The goal of the program is to engage teenagers in the community and give them a positive interaction with the justice system, while possibly preparing them for a future career in law.
“The addition of the youth justice court will help our teens get a sense of responsibility and accountability for their actions, as well as real-life insight into how the justice system functions from the inside,” said Councilman Donovan Richards, a supporter of the program who spoke at a reception for the youth court last week.
Richards said across the city there’s a debate on how to keep people, especially young people, from ending up in jail for low-level offenses.
“If you jump a turnstile at 16 or 17, that should not ruin your life’s outcome,” Richards said.
In addition to giving young people that second chance by not putting them in front of a judge for a low-level offense, it acts as an education for those that may want to pursue a career in law.
High school students that participate are given 8-12 hours of training in the roles of judge, jury, or prosecuting or defense attorney. They will initially conduct mock trials then move onto the real thing, defending, prosecuting and making decisions about the sentencing of their peers.
“One of the things I love about this program is that it’s going to teach and prepare our young people to be lawyers and judges,” Richards said. “We’re getting people ready for the future, for the workforce or getting law degrees.”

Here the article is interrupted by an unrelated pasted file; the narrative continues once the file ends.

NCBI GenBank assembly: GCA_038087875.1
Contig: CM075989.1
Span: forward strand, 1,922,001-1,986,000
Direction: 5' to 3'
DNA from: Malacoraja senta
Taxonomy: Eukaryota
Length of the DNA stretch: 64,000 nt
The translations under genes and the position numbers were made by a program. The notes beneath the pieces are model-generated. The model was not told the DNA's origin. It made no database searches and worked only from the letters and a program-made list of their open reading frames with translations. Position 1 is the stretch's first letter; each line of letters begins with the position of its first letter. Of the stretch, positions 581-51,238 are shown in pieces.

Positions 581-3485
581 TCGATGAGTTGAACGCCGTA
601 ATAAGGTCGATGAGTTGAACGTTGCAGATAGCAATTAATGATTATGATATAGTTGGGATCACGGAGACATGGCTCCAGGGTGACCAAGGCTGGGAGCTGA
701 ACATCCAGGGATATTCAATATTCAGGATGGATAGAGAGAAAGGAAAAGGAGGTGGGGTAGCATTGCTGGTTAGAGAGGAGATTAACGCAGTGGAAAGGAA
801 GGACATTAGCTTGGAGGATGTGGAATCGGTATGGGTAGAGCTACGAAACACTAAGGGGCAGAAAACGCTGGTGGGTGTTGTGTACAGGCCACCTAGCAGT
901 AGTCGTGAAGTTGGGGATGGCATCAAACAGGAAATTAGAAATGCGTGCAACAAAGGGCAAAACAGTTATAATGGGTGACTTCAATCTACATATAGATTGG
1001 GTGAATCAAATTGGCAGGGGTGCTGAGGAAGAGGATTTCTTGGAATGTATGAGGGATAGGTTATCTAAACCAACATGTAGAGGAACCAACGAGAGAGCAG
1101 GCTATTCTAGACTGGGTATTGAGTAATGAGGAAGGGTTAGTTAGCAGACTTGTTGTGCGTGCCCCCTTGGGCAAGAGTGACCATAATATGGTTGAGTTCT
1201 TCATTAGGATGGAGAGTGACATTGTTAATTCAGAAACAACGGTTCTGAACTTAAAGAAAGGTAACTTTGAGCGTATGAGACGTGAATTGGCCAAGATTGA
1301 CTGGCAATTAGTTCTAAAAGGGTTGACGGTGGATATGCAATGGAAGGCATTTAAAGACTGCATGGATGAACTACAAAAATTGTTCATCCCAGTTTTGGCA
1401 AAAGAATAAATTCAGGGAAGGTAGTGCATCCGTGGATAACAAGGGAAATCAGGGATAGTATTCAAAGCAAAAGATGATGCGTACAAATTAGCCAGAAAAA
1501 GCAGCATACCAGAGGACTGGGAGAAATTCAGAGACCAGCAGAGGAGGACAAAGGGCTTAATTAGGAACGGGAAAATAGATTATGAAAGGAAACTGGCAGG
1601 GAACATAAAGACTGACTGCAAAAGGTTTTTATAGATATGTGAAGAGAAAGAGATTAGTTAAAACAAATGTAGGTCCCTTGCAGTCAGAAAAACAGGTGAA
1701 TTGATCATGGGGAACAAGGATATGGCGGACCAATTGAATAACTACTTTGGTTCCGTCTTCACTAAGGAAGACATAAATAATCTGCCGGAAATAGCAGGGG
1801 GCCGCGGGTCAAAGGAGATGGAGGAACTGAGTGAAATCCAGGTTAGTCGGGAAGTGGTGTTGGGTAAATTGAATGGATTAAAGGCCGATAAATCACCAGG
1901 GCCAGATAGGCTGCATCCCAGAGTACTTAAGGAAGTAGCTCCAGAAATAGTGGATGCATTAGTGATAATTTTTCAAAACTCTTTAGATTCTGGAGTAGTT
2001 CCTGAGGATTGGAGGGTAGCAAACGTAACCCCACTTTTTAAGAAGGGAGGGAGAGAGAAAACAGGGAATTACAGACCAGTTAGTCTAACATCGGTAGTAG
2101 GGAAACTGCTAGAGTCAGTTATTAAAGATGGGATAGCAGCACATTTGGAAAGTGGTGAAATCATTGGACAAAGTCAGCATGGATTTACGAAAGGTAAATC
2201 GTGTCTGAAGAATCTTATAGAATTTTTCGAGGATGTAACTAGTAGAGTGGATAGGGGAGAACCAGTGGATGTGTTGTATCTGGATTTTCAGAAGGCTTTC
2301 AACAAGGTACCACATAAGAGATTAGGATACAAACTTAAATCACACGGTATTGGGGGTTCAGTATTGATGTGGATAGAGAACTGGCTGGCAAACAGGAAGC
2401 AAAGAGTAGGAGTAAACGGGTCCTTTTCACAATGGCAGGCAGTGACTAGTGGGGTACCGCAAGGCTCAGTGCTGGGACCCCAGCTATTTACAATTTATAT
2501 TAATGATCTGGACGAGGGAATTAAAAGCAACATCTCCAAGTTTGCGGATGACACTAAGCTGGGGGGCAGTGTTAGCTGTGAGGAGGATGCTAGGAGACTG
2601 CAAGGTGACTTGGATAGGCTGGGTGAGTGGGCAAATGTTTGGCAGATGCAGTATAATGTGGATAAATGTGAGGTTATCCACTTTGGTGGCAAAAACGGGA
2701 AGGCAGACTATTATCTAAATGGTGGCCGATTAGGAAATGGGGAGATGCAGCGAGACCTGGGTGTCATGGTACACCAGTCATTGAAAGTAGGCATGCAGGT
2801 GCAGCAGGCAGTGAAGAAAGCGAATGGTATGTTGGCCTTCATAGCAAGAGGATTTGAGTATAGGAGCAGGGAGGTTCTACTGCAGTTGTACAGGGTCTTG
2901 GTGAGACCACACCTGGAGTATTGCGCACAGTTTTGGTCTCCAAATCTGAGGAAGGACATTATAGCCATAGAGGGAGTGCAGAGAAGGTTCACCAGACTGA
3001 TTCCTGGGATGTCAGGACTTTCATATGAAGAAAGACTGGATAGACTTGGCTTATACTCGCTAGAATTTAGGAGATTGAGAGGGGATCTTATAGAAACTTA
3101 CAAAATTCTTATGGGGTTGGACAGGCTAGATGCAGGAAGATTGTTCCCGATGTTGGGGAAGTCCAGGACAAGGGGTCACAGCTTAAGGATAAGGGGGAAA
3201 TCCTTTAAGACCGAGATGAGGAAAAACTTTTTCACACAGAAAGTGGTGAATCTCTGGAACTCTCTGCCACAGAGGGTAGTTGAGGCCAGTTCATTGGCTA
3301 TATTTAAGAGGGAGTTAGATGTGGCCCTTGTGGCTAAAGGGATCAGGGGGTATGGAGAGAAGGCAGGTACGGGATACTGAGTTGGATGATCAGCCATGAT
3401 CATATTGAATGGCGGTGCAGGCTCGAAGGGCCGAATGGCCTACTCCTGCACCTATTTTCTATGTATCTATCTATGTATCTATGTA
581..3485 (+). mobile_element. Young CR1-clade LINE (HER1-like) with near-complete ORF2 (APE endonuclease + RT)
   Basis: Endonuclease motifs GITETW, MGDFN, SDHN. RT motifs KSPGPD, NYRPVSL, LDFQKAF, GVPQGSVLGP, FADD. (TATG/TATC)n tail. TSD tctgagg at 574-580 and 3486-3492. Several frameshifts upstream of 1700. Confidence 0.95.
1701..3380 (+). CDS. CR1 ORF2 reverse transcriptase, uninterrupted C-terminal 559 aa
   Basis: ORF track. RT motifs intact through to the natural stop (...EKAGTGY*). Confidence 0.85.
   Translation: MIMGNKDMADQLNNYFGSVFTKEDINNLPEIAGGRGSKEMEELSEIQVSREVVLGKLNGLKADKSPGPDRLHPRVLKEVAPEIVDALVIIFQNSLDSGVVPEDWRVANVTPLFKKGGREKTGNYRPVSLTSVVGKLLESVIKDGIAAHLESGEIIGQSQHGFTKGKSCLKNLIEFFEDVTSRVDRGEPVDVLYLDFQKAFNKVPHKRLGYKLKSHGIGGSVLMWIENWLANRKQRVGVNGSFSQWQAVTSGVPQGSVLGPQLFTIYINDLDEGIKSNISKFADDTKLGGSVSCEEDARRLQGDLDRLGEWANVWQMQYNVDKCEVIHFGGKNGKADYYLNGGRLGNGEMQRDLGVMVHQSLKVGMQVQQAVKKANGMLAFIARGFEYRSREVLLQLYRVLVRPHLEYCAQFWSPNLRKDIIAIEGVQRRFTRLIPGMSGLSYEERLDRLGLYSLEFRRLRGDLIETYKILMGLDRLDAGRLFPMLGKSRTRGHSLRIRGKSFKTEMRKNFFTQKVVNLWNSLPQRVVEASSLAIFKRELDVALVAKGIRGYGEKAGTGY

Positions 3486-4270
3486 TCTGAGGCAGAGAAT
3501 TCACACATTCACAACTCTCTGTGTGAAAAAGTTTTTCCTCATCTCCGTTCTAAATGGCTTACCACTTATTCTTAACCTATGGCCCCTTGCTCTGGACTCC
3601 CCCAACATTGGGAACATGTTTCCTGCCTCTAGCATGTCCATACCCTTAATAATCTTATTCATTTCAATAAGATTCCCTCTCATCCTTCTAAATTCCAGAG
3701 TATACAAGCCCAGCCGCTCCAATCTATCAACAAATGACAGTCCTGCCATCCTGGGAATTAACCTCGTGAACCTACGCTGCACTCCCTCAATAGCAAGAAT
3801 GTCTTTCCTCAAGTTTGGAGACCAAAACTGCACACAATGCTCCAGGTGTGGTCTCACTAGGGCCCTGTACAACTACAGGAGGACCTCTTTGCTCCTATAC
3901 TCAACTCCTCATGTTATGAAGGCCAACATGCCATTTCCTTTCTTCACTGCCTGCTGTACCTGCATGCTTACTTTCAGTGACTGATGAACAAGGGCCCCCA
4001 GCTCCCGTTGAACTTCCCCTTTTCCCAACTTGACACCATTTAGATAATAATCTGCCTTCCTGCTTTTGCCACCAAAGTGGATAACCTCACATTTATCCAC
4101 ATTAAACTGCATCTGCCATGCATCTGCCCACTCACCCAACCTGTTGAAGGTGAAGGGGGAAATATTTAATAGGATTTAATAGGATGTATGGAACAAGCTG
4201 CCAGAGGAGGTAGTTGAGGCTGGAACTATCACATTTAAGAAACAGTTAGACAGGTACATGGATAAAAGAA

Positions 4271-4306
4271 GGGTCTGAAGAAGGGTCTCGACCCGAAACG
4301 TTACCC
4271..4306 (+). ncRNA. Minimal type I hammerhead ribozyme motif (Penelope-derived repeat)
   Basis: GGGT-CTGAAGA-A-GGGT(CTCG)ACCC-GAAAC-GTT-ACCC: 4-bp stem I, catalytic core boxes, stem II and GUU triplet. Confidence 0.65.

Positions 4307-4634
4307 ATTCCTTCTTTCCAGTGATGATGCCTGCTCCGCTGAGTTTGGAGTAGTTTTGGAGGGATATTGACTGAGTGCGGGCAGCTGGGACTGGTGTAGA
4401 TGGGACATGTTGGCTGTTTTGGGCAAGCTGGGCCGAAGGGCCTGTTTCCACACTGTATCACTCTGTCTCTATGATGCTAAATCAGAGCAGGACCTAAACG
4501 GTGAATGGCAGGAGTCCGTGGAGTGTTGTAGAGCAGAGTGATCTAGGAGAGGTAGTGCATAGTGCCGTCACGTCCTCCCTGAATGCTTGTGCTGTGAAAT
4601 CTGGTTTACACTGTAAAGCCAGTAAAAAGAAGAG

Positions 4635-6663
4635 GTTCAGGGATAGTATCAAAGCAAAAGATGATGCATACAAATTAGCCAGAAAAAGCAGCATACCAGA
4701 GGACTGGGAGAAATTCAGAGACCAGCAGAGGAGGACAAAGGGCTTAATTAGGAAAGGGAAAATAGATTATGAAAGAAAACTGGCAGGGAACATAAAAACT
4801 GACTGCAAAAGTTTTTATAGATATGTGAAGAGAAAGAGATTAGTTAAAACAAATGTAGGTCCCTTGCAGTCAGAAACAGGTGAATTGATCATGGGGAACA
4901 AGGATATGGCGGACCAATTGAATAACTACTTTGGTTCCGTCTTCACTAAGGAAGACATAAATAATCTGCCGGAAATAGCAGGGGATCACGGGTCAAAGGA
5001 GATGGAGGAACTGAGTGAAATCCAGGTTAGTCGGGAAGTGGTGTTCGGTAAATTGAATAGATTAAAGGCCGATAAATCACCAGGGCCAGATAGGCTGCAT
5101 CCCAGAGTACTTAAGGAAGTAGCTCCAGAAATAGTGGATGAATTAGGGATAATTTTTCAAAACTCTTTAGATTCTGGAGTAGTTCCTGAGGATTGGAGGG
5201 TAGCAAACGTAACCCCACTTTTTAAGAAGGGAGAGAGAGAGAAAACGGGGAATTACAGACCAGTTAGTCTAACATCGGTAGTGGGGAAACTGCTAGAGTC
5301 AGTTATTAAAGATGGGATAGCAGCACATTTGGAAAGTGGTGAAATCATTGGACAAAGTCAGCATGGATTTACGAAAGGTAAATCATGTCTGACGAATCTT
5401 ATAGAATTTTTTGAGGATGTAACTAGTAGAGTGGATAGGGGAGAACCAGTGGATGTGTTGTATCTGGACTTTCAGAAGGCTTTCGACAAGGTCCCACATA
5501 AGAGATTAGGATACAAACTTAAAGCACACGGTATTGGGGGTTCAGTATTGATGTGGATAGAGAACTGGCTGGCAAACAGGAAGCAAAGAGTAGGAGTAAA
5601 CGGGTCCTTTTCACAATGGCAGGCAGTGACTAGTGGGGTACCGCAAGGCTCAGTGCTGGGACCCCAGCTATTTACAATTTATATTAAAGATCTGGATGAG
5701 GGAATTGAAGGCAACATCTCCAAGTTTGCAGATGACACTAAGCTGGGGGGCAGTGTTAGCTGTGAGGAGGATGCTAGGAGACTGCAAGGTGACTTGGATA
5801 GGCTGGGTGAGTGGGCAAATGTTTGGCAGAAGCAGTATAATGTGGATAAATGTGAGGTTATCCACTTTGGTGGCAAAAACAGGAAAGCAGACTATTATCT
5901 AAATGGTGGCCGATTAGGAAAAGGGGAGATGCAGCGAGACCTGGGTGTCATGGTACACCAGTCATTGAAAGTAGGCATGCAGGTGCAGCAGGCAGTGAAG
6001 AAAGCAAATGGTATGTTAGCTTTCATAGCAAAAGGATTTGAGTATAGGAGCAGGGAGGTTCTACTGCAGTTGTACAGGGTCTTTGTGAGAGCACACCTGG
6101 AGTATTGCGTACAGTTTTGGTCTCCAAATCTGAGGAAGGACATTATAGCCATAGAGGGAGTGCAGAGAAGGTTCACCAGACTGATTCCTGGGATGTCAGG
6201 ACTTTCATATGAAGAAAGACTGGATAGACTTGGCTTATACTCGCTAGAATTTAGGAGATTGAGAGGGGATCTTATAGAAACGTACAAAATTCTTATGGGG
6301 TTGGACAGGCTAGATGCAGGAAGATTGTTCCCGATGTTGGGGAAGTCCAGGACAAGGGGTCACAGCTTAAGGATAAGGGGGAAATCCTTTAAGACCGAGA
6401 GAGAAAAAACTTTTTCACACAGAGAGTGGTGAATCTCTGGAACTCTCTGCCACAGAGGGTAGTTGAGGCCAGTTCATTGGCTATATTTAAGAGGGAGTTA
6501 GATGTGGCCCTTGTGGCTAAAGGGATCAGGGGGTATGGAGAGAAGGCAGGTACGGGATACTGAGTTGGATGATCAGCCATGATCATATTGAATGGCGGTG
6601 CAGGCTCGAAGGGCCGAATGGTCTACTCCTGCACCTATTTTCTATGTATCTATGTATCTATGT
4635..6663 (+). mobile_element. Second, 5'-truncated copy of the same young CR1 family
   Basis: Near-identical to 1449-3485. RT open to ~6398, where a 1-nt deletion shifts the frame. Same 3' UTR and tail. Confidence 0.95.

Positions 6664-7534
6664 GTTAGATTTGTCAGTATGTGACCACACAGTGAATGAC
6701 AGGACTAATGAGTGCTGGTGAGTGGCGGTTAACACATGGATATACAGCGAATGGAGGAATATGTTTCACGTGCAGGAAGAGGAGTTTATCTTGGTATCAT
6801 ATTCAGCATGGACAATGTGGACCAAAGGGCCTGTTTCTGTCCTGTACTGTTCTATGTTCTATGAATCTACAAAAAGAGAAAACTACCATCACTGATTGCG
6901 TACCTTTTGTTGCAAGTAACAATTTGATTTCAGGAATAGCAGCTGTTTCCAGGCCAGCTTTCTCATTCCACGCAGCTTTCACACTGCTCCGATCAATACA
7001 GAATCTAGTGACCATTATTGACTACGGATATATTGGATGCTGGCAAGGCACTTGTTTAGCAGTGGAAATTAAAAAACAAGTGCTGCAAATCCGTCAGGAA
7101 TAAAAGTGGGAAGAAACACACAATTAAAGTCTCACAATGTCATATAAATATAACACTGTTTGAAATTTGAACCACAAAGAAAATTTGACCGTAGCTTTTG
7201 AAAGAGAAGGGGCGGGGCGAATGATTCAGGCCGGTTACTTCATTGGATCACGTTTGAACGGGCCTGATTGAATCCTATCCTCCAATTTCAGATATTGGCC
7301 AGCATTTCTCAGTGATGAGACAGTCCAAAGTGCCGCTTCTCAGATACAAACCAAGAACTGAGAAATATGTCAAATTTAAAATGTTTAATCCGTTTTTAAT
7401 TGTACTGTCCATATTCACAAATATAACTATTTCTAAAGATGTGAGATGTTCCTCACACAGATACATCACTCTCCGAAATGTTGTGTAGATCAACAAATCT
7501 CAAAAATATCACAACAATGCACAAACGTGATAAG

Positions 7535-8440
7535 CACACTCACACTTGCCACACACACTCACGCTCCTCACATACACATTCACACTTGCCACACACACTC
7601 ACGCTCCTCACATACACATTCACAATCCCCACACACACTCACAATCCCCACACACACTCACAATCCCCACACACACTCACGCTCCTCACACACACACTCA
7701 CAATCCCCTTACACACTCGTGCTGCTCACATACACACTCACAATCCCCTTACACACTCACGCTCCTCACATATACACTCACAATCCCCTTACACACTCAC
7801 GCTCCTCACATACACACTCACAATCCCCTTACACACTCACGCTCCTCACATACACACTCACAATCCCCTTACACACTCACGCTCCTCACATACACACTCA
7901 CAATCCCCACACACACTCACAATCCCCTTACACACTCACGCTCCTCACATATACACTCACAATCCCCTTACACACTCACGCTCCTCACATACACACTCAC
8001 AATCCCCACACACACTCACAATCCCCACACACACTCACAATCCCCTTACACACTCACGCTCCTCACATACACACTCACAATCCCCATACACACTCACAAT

The entire program is overseen by Queens Law Associates, one of the funding sources of the program. Richards also allocated $30,000 to the program.
“We’re trying to get these kid back on the right road again,” said Lori Zeno, deputy program director of Queens Law Associates. “This is a court for youth, run by youth. It empowers every kid that takes part in the program.”
Alternatives to court-mandated community service - or even jail time - for low-level offenses such as graffiti are decided by the jury, and include volunteering at the library or attending workshops.
“Some of these offenses that many of these young people are committing should not determine their future,” Richards said. “This is going to put them on the path for a second chance, a second chance at life.”
Beginning in September at the Far Rockaway Teen Library, the volunteers that want to be part of the program – with parental permission – will start adjudicating cases in September.
It’s part of an overall initiative to lower crime on the peninsula that’s been plagued with violence of late.
Richards hopes the youth court, in conjunction with a $1 million gun violence initiative aimed at educating young people, providing jobs and violence interrupters will at least address some of the problems and help get some people on the right path.
Last week, Queens District Attorney Richard Brown announced the arrests of 13 gang members involved in shootings of rival gang members where they allegedly bragged about the incidents before and after on social media. Politicians in the area praised Brown’s efforts to make the arrests.
"Gang violence is not welcome on the streets of the Rockaways and today’s arrest should send a message to anyone looking to start or continue any violence in our neighborhood," said Richards.